Jill Malat is the Children's Representation Attorney at the Washington Defender Association. She is also the interim managing attorney for the Lawyers Fostering Independence Project at The Center for Children and Youth Justice. She worked as a public defender for over 13 years at both the Society of Counsel Representing Accused Persons in King County and at the Skagit County Public Defender Office. Jill has taught law at Istanbul Bilgi University in Turkey and serves on the board of managers of the Downtown Seattle YMCA, where she is also able to focus on youth related issues.
Dr. Wendy B. Marlowe, PhD, ABPP-CN
Wendy B. Marlowe, Ph.D. ABPP-CN has been a practicing clinical neuropsychologist for over 40 years, the last 30 of which have been in Seattle, Washington. She is licensed in the states of Washington and Idaho. She is board certified as a Diplomate in Clinical Neuropsychology, granted by the American Board of Professional Psychology, and a Fellow in the National Academy of Neuropsychology. Her primary professional activities involve independent practice and clinical research.
Dr. Marlowe’s practice is in both clinical and forensic neuropsychology. She engages in the assessment and treatment of children, adolescents and adults with a wide range of complex neuropsychological disorders. She has a subspecialty in cross-cultural and diversity issues. Her forensic practice includes primarily personal injury and disability assessments.
Dr. Marlowe is an active member of the professional neuropsychological community. She has published in The Clinical Neuropsychologist, Journal of Clinical and Experimental Neuropsychology, Brain and Cognition, Developmental Neuropsychology and Pediatric Rehabilitation. She has presented at the International Neuropsychological Society, American Psychological Association, Washington State Psychological Association, The World Congress of Neuro Rehabilitiation and numerous other venues.
Dr. Marlowe has served APA as a member of the Committee on Disability Issues in Psychology, as a Consultant in Adolescent Health, and as a member of the Council of Advisors for the APA Project on Adolescent Health. She has been a member of the Minority/Ethnic Affairs Committee of Division 40 and a past president of the Pacific Northwest Neuropsychological Society.
Dr. Marlowe received her relevant undergraduate training in speech and language, education and special education. She earned a master’s degree in language pathology and learning disabilities. Following a number of years of clinical practice and teaching neuroscience at Hahnemann Medical College in Philadelphia, PA, she earned her Ph.D. at the University of Victoria in British Columbia.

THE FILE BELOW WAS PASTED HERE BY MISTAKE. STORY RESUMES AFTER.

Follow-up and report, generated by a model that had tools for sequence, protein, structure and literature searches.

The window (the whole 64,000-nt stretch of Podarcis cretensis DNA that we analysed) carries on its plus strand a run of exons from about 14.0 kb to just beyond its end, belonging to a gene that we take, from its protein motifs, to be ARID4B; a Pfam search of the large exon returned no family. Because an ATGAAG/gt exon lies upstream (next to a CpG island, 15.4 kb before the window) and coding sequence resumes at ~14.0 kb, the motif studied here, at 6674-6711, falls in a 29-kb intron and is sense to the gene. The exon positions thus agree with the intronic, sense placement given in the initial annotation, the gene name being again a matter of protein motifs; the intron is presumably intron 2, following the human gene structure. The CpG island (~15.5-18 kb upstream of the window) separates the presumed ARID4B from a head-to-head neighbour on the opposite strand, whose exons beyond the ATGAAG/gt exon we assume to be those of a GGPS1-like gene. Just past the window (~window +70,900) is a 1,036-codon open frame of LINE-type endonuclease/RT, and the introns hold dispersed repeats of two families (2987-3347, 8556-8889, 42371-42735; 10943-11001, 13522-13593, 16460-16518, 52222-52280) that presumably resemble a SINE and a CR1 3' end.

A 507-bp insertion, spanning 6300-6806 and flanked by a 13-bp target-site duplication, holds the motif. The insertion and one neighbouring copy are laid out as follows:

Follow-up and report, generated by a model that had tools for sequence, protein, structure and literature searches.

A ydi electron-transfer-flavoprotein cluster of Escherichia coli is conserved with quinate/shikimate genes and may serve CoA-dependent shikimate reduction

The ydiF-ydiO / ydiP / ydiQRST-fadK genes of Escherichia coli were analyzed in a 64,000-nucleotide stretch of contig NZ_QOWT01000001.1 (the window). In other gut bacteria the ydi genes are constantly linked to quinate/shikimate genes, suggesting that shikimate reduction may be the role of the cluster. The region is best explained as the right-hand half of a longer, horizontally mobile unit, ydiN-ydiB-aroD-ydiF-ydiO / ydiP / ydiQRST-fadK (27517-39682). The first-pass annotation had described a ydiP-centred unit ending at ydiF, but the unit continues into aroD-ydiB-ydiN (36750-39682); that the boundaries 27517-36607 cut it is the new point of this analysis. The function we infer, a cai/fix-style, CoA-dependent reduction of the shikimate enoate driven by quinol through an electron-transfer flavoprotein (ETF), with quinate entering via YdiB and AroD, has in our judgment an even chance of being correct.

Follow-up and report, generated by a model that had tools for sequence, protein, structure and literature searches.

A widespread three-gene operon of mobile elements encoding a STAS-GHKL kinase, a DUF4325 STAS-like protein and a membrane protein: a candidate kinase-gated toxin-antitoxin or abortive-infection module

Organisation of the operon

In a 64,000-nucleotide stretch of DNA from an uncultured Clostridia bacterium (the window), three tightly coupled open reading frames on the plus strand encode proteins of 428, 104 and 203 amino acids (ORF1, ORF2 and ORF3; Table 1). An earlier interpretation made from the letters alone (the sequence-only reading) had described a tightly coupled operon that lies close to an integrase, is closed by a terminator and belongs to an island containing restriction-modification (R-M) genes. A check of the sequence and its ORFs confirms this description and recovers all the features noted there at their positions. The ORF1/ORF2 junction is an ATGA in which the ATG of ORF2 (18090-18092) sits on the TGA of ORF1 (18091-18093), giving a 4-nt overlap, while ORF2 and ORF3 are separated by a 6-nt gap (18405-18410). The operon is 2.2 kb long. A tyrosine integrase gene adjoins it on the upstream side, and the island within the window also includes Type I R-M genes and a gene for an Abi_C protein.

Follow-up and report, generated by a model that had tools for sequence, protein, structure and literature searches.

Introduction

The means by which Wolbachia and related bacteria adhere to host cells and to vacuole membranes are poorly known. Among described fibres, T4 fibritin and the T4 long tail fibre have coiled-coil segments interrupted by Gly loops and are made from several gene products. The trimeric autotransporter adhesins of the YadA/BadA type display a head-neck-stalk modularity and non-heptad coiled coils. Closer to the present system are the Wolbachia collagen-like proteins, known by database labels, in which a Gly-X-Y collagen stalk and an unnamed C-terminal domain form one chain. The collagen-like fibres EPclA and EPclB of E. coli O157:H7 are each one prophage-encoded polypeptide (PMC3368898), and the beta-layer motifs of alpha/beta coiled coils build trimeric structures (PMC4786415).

Detective Marshall is currently a member of the Spokane Regional Explosive Disposal Unit (Bomb Squad) and works as a Detective and Certified Child Interview Specialist in the S. P. D. Major Crimes Sexual Exploitation Unit. In November of 2009, Detective Marshall volunteered to work under a new WA State grant to annually track approximately 700 Level One Registered Sex Offenders for the Spokane Police Department's Sexual Exploitation Unit. He also works with the Harborview Center for Sexual Assault and Traumatic Stress as a Child Interview Instructor and Facilitator with Child Abuse Investigation and Interview courses. Detective Marshall has been certified as a Child Interview Specialist, a Bomb/Explosive Device technician, Washington State Defensive Tactics Instructor, Field Training Officer, and Departmental Physical Fitness and Nutrition Instructor. Detective Marshall's work experiences also include specialty positions on the SWAT Team, TAC team, Field Training Officer, Academy Instructor, and In-Service Training Instructor.
Detective Marshall has experience in teaching classes for the Washington State Basic Law Enforcement Academy, Riot squad, Swat team, SPD in-service training courses, and Sexual Assault interviewing and investigation. His main area of work in the Sexual Assault Unit was in cases involving Developmentally Delayed victims and suspects and he developed a course to assist professionals tasked with that type of investigation. He worked in the Major Crimes Sexual Assault Unit from 2002 to 2009 and handled over 700 cases. So far, the course of instruction developed by Detective Marshall has been taught to Washington State Patrol Detectives, Adult Protective Services, Child Protective Services, Child Forensic Interviewers, and other professionals in the field. He also co-taught his course with Dr. Michael Haney at the 2009 APSAC Colloquium in Atlanta.
Detective Marshall is currently in the process of developing courses of instruction for several states. These courses will be designed to assist in areas such as inter-agency investigations, sexual assault interviews, and investigations involving developmentally delayed suspects, witnesses, and victims.